At the same time, Firefighter John Finn from Ladder 124 saw another third floor resident was threatening to jump. He climbed a 20-foot portable ladder outside to calm the man before the bucket rescued him.


    [L to R] FF Greg Fraccalvieri (L-124), FF Kevin Quinn (E-271), FF Robert Roscoe (L-124), FF Andy Castillo (assigned E-271, working in L-124), Lt. Robert Rochelle (L-124), [top row] FF John Finn (L-124), FF Brian Kelly (L-124), FF Chris Chiappetta, [bottom row] FF Carlos Ruiz (E-271) and FF Scott Carrella (E-271).

    Chief Schiralli also commended the members of Engine 271 for curtailing the fast-moving fire, which was brought under control at 8:34 a.m.

    Firefighter Martinez received minor injuries in the fire, as did 12 other firefighters and civilians.

    FDNY fire marshals determined the fire was accidental, caused by an extension cord stretched under a mattress.


  2. #22
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    Default Daily News

    FDNY firefighters rescue three, including pregnant woman, from Brooklyn fire

    By Matthew Lysiak and Jonathan Lemire DAILY NEWS STAFF WRITERS

    Tuesday, March 24th 2009, 1:09 PM


    DelMundo for News
    Firefighter Giovanni Martinez rescued three residents from a Brooklyn house fire Tuesday.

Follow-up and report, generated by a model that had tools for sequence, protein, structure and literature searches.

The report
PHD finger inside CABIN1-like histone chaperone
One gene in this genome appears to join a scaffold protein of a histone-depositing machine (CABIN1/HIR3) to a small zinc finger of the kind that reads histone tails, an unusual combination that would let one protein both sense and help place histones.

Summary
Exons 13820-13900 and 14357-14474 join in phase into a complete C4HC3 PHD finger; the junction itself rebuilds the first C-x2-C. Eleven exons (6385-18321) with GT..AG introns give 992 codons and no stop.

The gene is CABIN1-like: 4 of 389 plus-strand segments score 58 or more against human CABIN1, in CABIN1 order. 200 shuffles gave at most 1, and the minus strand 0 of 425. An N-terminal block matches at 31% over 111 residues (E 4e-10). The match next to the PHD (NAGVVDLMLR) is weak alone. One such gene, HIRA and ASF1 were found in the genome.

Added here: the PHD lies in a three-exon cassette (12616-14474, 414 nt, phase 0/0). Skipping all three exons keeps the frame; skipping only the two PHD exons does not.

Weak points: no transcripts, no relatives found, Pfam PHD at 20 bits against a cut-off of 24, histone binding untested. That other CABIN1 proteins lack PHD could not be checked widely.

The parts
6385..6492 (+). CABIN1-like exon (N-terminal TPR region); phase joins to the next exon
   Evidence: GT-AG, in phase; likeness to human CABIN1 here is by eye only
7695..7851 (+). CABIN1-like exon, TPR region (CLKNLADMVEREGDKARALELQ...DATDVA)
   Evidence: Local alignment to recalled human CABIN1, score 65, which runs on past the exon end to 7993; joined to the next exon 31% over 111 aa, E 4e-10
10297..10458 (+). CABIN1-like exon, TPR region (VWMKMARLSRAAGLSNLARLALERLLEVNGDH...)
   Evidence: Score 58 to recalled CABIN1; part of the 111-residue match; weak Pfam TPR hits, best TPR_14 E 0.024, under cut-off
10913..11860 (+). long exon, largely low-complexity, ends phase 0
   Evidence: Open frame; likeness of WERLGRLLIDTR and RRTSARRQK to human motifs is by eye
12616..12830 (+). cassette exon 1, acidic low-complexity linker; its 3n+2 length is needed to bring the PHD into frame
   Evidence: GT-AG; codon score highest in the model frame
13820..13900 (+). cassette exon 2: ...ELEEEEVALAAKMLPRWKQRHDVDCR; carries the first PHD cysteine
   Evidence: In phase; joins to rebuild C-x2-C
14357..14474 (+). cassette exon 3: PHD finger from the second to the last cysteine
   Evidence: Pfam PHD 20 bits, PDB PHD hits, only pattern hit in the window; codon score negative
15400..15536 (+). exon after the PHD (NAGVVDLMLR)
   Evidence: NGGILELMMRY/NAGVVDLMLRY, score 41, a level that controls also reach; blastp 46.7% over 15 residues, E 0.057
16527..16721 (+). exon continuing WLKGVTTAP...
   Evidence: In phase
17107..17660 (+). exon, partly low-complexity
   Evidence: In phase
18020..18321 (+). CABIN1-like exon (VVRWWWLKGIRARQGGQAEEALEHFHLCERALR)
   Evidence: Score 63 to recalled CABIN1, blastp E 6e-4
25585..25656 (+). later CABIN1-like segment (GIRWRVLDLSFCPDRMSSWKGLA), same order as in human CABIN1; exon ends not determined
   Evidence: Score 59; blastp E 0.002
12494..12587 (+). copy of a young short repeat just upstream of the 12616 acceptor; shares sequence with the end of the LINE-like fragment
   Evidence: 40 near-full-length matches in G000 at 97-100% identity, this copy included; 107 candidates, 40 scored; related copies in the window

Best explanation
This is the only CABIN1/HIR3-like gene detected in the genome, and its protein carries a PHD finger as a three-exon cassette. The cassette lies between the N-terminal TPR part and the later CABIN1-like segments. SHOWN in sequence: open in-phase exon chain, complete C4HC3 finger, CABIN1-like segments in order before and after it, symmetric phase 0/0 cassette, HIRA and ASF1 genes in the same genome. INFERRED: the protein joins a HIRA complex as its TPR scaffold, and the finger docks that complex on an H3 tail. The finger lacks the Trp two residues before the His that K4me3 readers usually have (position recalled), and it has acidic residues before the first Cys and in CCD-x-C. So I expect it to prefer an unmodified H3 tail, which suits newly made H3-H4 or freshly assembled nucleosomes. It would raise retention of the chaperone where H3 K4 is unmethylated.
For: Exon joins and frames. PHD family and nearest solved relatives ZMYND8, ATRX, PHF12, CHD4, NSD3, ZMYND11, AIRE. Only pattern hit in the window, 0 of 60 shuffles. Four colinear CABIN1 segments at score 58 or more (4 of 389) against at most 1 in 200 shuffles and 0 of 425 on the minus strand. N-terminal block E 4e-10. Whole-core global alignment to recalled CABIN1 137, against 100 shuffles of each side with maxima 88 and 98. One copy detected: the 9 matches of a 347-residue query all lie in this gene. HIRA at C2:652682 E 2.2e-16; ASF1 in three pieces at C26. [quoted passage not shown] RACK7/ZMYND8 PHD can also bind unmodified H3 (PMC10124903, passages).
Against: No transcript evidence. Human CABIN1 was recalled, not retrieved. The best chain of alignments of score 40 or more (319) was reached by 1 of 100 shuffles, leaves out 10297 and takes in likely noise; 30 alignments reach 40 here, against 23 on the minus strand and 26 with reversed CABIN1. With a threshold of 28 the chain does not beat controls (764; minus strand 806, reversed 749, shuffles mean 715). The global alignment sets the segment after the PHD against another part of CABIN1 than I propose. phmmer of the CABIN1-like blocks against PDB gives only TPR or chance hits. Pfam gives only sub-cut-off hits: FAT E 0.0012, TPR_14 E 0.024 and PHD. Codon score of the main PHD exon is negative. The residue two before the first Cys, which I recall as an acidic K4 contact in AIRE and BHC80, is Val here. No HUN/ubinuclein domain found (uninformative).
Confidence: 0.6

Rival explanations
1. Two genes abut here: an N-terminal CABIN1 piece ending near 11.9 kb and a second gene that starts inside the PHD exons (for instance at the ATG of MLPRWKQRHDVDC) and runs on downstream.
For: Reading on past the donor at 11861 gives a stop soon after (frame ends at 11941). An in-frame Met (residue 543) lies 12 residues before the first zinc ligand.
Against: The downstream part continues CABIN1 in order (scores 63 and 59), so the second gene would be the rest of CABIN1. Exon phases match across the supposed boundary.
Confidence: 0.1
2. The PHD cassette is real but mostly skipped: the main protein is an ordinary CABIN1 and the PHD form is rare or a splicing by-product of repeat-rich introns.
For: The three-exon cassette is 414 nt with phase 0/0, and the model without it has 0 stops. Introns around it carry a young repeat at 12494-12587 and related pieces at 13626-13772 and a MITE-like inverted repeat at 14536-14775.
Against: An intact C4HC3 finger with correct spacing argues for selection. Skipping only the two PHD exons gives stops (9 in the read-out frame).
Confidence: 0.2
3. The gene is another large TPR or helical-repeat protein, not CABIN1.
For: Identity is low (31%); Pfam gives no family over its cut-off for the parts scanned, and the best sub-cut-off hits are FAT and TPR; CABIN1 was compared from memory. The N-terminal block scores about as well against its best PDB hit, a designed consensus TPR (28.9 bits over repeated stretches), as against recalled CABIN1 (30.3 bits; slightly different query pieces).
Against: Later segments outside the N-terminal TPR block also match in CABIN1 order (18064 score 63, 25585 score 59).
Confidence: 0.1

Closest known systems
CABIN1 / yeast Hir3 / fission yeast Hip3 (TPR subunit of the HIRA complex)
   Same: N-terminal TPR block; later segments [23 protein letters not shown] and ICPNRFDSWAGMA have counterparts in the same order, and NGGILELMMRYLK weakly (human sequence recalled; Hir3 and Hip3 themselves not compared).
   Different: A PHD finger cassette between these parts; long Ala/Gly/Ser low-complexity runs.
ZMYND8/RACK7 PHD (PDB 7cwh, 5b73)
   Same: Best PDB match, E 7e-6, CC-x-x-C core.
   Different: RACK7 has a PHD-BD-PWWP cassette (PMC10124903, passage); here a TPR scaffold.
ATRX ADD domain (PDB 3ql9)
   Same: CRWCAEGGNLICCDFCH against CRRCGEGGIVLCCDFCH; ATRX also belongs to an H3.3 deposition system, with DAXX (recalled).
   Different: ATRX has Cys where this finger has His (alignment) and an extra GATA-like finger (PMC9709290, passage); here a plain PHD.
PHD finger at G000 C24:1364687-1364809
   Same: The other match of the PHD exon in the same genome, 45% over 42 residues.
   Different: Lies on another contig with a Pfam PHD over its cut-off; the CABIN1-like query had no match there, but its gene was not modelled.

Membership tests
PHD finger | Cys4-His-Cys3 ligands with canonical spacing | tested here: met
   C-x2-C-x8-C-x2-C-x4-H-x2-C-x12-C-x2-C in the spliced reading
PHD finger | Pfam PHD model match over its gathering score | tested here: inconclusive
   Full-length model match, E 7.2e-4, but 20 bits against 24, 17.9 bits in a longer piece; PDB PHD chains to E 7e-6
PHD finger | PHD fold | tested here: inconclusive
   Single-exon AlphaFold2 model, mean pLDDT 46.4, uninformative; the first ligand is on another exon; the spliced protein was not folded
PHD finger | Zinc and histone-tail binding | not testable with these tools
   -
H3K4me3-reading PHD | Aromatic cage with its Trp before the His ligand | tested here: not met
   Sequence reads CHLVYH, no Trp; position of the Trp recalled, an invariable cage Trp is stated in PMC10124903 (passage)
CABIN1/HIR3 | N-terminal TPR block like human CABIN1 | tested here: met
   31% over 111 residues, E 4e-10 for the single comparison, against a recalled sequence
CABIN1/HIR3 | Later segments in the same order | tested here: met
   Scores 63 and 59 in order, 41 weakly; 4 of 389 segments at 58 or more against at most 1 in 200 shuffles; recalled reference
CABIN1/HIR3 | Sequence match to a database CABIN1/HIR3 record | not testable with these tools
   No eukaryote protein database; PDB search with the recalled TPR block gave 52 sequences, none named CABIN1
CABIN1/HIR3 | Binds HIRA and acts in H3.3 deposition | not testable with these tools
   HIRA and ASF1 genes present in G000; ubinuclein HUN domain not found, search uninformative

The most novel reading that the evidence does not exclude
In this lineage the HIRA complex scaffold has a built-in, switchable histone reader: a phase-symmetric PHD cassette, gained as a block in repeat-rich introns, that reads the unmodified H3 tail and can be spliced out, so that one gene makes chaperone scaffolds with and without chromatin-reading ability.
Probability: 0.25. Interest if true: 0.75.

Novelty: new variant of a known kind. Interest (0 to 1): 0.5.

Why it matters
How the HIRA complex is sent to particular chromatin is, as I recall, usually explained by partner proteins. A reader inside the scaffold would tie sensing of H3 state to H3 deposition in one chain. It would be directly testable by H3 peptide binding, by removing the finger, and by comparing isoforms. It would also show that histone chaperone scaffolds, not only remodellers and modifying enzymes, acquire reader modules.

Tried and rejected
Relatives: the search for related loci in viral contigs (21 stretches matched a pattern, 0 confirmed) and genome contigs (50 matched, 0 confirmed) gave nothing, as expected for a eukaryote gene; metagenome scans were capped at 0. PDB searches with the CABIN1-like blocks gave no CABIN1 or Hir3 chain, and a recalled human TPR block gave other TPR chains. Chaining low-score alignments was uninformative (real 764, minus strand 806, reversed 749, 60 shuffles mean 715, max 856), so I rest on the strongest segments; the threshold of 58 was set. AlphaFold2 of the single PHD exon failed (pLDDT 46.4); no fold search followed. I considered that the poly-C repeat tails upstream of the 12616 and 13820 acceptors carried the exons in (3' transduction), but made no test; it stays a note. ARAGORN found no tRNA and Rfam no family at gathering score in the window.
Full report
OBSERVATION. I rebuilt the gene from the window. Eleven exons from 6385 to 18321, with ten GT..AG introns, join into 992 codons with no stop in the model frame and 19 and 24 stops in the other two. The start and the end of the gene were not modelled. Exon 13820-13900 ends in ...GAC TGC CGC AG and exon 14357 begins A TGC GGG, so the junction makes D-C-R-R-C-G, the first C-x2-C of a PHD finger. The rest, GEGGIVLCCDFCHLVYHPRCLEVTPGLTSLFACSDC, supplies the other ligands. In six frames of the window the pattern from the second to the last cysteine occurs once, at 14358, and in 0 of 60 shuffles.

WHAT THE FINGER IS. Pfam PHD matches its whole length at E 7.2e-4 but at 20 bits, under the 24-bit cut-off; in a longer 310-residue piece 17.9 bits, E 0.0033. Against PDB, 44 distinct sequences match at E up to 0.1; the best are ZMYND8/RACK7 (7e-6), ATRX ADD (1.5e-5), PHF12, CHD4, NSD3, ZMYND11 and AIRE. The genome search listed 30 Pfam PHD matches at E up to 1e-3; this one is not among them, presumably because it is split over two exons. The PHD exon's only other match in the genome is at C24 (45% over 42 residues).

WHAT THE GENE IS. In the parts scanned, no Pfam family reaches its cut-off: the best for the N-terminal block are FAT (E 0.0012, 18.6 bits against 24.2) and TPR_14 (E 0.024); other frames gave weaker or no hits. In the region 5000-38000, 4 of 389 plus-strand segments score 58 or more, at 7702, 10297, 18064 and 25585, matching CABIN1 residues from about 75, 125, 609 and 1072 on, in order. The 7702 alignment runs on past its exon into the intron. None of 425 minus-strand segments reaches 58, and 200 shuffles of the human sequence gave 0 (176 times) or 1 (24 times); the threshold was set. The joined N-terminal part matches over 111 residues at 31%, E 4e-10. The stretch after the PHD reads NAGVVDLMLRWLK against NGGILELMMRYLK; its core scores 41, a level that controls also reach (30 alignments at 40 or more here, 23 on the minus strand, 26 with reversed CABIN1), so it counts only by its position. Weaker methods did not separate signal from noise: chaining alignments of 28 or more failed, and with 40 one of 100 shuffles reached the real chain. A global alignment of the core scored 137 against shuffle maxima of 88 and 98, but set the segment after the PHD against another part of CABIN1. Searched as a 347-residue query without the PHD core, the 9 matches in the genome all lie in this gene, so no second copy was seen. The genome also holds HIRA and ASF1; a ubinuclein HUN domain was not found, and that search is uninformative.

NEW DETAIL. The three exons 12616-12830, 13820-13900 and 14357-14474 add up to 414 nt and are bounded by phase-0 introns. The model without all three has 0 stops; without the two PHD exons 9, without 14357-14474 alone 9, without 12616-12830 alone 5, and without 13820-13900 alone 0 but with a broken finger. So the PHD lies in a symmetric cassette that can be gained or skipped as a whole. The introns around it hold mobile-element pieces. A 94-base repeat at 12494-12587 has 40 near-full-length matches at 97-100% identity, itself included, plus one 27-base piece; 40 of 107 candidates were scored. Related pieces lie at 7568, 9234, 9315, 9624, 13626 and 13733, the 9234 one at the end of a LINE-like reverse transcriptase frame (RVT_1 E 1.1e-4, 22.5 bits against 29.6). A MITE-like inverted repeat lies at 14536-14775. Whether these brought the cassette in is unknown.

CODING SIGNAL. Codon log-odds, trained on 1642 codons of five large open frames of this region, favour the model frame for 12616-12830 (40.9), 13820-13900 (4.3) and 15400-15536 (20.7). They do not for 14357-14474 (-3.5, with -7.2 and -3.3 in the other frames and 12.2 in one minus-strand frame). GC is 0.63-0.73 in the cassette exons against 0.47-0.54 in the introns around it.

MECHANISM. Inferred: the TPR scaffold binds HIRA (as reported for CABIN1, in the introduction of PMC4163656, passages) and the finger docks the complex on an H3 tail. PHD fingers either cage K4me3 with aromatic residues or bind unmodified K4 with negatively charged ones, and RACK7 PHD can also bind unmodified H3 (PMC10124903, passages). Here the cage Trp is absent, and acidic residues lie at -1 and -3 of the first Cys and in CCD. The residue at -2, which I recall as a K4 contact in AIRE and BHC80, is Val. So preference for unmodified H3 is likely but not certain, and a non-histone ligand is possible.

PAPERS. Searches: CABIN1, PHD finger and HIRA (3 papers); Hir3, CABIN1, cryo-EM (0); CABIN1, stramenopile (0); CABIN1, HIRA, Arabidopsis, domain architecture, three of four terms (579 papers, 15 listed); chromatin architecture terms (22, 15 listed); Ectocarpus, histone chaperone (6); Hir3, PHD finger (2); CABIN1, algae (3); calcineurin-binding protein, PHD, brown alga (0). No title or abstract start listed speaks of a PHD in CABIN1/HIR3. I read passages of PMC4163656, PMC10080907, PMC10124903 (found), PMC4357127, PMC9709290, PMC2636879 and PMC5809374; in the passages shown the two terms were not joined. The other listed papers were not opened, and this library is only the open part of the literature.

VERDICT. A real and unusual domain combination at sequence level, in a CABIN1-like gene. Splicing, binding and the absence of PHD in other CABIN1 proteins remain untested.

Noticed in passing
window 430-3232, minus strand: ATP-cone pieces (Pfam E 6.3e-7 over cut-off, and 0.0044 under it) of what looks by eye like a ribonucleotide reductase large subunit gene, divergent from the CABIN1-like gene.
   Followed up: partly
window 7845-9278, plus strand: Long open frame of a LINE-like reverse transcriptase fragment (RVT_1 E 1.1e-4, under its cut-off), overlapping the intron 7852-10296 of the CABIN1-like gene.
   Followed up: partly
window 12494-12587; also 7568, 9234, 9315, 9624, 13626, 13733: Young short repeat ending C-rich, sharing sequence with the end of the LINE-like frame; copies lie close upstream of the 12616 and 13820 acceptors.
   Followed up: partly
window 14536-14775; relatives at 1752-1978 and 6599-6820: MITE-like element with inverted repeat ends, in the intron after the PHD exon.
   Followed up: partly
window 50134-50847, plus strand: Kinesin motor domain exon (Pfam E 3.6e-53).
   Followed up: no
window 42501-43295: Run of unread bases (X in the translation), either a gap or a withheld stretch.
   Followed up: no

The rescue was especially harrowing because the Bushwick building's wooden siding caught fire, intensifying the smoke and flame as firefighters climbed a tower ladder toward the frantic residents, who were leaning out a window.

    The raging inferno ignited just before 8 a.m., forcing many of the Palmetto St. building's inhabitants to run to the street in their pajamas. Some on the upper floors could not get out.

    "I ran outside in my boxers and I saw fire all over the place," said Alex Castillo, who was woken by his mother's shouts.

    "I heard people screaming and saw a pregnant woman leaning out over the third-floor window," Castillo said. "She was hysterical. I thought she was going to jump."

    Within three minutes, several FDNY rigs pulled up to scene and discovered the building almost fully engulfed in flames.

    "I felt heat hit my face and it was terrifying," said witness Chetkiela Jenkins, who lives down the block and ran outside to see smoke pouring from every window. "I thought everyone was dead."